The Australian lychee industry has identified North America as a key market in its plans to develop exports.
The industry has been able to maintain its trans-Pacific supply chain throughout the pandemic with the help of the Australian government’s International Freight Assistance Mechanism (IFAM) programme. This link may prove especially valuable as conditions get closer to normal according to president of the Australian Lychee Growers Association, Derek Foley.
Foley said previously, Hong Kong and China accounted for the bulk of Australian lychee exports but growers were now zeroing in on their existing links into the US.
Consistent interest from the US market has allowed exporters of the sub-tropical fruit to align their operating models to alternative supply chains during the pandemic.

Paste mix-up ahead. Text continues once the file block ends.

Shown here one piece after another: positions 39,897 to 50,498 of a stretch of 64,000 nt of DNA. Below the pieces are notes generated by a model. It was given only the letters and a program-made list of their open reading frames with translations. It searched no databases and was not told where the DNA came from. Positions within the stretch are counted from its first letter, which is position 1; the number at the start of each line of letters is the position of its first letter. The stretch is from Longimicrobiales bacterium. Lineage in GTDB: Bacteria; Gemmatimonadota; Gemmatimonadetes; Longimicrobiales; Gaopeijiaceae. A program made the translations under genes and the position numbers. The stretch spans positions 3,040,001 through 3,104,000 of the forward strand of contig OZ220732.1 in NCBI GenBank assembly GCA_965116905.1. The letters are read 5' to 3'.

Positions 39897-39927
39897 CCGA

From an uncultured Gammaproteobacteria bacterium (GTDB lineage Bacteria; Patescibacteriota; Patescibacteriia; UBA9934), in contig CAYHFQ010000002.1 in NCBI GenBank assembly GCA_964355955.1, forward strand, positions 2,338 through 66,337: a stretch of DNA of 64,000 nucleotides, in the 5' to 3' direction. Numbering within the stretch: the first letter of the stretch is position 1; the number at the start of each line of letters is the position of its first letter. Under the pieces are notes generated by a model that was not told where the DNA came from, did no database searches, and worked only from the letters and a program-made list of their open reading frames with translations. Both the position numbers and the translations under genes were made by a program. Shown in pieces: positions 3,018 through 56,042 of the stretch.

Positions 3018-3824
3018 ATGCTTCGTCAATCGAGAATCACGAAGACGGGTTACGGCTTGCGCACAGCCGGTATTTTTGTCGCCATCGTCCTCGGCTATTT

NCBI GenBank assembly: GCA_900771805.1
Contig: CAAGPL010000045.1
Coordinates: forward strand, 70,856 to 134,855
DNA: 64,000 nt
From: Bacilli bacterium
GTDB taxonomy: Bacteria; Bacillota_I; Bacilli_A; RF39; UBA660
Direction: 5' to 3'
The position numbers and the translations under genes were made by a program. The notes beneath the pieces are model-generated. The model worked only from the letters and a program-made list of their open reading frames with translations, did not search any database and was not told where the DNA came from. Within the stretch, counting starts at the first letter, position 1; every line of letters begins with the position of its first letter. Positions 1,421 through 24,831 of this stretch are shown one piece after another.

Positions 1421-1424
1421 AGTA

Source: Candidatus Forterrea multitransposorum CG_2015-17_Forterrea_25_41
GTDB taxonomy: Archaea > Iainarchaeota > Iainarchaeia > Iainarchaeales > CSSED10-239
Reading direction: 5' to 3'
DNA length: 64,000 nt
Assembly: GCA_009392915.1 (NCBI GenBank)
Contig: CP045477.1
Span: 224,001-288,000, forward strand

“We’ve only been exporting to the US for about five years, but interest has remained strong. There’s a really robust market there now,” said Foley.
“All our produce usually goes in the belly of commercial aircraft,so the moment that was taken away from us, it was concerning.
‘When the IFAM programme came in it certainly helped relieve some of the pressure of moving our product,’ he adds. The IFAM programme hasreally assisted us withbeingable to stay connected to our international markets.”
The world’s longest production season (October to March)and a high-quality product have allowed the Australian lychee industry to cultivate strong demand across its export markets, which also include New Zealand, Singapore and Canada.
Foley said this interest has powered the growth of the industry and new plantings will likely increase production and exportsby up to 20 per cent.
“The industry has had quite buoyant prices fora number of yearsnow,” explained Foley.“That’s encouraged newcomers to come into the industry.”